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Life IS history in the making. Every word we say, everything we do becomes history the moment it is said or done. Life void of memories leaves nothing but emptiness. For those who might consider history boring, think again: It is who we are, what we do and why we are here. We are certainly individuals in our thoughts and deeds but we all germinated from seeds planted long, long ago.

Thursday, January 9, 2014

Manatees vs. Mermaids

This Day in History: January 9, 1493


Before completely rolling over with side-splitting laughter, continue on with an open mind as to why and how such a mis-sighting could have really happened. 



Crystal River, Florida Manatee, USA
Photo #9 by ASCOM Prefeitura de Votuporanga




A Mermaid by John William Waterhouse
Source: en.wikipedia.org

Of course, looking at the photographs above makes one wonder how a 12-ft, 1200 pound manatee could be mistaken for a mermaid. Then, taking into account the picture of the overweight siren below just might create a totally different perspective.

 These mermaids belong to the order Sirenia,
which is named after the Sirens of Greek mythology
(even though the Sirens were originally part woman and part bird,
they later became associated with mermaids).

Back to Columbus mistaking manatees for mermaids...

The voyages of Christopher Columbus.
Source: en.wikipedia.org
Italian explorer Christopher Columbus is accredited with the discovery of the "Americas" or the New World in 1492. He actually did not 'discover' the New World for it had already been inhabited by millions of people. Columbus accidentally stumbled upon the Americas as he searched for a direct water route west from Europe to Asia. Christopher Columbus made four trips across the Atlantic Ocean from Spain: 1492, 1493, 1498 and 1502.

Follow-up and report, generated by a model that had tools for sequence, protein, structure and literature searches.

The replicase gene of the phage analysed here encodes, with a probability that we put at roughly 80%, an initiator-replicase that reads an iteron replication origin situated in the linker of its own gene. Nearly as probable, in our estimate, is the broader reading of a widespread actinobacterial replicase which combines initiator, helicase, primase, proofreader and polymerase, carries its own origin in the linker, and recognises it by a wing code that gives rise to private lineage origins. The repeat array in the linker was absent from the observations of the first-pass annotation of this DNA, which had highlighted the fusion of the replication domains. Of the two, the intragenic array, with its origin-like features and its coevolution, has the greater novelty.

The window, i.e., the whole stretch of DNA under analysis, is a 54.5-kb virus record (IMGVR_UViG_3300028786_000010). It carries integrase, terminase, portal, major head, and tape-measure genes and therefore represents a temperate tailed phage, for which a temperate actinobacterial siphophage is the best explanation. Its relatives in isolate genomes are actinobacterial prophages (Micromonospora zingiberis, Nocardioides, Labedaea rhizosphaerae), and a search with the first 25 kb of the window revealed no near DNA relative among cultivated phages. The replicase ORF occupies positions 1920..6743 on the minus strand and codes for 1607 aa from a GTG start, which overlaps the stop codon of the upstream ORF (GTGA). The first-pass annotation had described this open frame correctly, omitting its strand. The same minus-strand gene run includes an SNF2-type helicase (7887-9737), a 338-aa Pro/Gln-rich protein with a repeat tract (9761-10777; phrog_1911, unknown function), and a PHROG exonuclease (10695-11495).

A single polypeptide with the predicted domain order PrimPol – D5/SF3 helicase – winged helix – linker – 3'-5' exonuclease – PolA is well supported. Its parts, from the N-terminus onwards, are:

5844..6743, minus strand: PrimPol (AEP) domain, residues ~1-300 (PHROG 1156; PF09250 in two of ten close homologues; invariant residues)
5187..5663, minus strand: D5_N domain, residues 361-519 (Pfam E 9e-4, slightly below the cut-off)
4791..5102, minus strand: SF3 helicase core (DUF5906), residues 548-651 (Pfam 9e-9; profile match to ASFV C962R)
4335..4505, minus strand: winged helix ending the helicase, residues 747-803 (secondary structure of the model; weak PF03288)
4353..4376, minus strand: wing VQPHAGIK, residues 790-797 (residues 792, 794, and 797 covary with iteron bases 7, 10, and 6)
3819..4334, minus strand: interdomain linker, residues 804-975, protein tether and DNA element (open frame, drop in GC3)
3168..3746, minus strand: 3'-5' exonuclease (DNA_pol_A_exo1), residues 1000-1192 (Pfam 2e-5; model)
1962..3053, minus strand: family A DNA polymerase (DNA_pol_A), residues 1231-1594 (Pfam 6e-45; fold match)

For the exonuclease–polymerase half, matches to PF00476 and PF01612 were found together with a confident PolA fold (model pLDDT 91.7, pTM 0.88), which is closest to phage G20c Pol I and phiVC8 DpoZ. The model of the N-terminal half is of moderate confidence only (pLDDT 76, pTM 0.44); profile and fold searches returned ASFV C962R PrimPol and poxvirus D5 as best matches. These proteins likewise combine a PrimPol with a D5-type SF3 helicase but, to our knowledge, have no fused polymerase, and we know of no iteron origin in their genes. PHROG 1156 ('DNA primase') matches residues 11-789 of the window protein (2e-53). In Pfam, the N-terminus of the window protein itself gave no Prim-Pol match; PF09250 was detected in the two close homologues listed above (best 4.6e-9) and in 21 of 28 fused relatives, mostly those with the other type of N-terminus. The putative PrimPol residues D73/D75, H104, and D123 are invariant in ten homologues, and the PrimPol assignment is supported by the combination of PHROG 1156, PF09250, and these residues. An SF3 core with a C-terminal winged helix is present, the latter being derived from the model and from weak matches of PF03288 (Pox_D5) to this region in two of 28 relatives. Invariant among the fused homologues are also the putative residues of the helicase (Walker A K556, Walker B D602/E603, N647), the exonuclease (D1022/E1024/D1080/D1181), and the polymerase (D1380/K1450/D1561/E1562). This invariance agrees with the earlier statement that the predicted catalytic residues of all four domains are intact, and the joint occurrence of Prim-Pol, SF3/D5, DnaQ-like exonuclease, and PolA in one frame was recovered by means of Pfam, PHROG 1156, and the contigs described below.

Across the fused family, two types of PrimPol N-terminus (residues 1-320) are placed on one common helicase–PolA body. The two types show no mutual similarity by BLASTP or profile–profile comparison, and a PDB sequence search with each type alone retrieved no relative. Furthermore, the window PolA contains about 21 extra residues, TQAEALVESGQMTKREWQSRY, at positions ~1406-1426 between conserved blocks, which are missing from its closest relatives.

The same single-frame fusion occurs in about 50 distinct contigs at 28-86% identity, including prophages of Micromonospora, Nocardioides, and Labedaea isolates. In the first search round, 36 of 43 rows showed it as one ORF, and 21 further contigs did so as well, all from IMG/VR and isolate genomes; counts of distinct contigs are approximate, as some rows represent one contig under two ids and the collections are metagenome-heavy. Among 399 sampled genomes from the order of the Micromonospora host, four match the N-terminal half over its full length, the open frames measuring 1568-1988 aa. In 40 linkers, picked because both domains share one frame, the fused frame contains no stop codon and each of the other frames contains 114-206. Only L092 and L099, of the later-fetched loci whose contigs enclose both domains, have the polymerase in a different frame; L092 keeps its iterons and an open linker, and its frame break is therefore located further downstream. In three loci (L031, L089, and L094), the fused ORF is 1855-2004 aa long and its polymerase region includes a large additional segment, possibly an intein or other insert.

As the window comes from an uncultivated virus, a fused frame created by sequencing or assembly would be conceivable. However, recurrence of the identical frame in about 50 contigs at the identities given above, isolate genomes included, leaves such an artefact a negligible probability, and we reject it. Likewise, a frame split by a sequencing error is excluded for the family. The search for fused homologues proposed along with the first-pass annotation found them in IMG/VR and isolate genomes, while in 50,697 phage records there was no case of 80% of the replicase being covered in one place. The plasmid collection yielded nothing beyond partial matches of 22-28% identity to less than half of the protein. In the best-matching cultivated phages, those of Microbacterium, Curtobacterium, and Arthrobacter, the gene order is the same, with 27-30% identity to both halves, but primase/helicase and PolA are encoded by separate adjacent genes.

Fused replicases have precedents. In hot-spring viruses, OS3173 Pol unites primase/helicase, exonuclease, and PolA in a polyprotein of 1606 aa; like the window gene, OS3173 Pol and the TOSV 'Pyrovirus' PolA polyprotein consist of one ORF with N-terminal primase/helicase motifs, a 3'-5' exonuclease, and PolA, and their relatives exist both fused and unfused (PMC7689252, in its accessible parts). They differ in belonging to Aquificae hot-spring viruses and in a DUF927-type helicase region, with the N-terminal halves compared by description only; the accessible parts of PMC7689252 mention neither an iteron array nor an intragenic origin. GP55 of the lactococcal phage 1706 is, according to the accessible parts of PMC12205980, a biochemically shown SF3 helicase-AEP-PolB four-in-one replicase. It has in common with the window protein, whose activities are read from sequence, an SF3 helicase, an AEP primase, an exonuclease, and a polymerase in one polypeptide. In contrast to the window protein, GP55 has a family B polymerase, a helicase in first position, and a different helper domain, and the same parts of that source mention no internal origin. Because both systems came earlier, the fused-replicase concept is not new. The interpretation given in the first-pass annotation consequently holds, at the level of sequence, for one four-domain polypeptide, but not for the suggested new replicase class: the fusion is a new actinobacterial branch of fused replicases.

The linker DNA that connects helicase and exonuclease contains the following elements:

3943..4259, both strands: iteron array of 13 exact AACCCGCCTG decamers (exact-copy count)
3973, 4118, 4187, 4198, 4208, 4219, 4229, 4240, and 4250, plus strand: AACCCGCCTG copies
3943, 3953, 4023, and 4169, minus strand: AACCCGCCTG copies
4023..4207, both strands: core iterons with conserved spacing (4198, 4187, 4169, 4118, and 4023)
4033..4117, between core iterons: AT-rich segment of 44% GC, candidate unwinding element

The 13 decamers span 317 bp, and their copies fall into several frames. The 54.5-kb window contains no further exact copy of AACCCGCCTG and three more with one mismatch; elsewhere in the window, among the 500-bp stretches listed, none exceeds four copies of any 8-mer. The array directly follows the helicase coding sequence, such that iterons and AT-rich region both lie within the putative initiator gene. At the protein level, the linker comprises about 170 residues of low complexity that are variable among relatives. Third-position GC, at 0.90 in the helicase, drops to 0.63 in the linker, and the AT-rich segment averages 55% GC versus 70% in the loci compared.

In 1493, while anchored in the Caribbean, he reportedly saw three "mermaids" swimming in the water. Columbus described what he saw, or thought he saw, in his journal. The journal entry has been transcribed varying in wording to some degree: "(the mermaids) not half as beautiful as they are painted," "the mermaids were not as pretty as imagined," and "mermaids were by no means as beautiful as depicted in folk tales."

How could this mistake even possibly be made?
 
Let's pause for a moment and give a little credit to the possibility of this misinterpretation being legitimate before completely laughing out loud. Keep in mind that for the most part, manatees remain underwater where visibility reveals a back and tail with no dorsal fin.  
Isn't this much the same as how a mermaid is depicted? If a manatee's head did surface so that a sailor could see the vaguely human-like eyes and face in the right light, could this add further to the illusion?  
Then, on top of all that, the female manatees also have two breasts, one under each armpit. Remember, it was not unusual for sailors to be aboard a ship for months and months at a time. Living conditions did not carry any bragging rights and not only were men starved for food but also female companionship.



That's not all either...

Are mermaids good or bad?

Knowing about the myths and legends surrounding the mermaid leads one to further understand why Columbus would have such thoughts in the first place. Even though some depictions of mermaids are monstrous, they have been traditionally known as creatures of divine beauty. One might see the fin flip suddenly out of the water and easily think "Mermaid!" Across the globe, from generation to generation, legends have been told about the mesmerizing voices of mermaids that bewitched sailors to join the underwater world.



Columbus should be thankful his sightings were manatees, rather than the bewitching mermaids! Otherwise, history might have had a completely different ending to this story.

Do you believe mermaids exist or do you trust your instincts to only the manatee?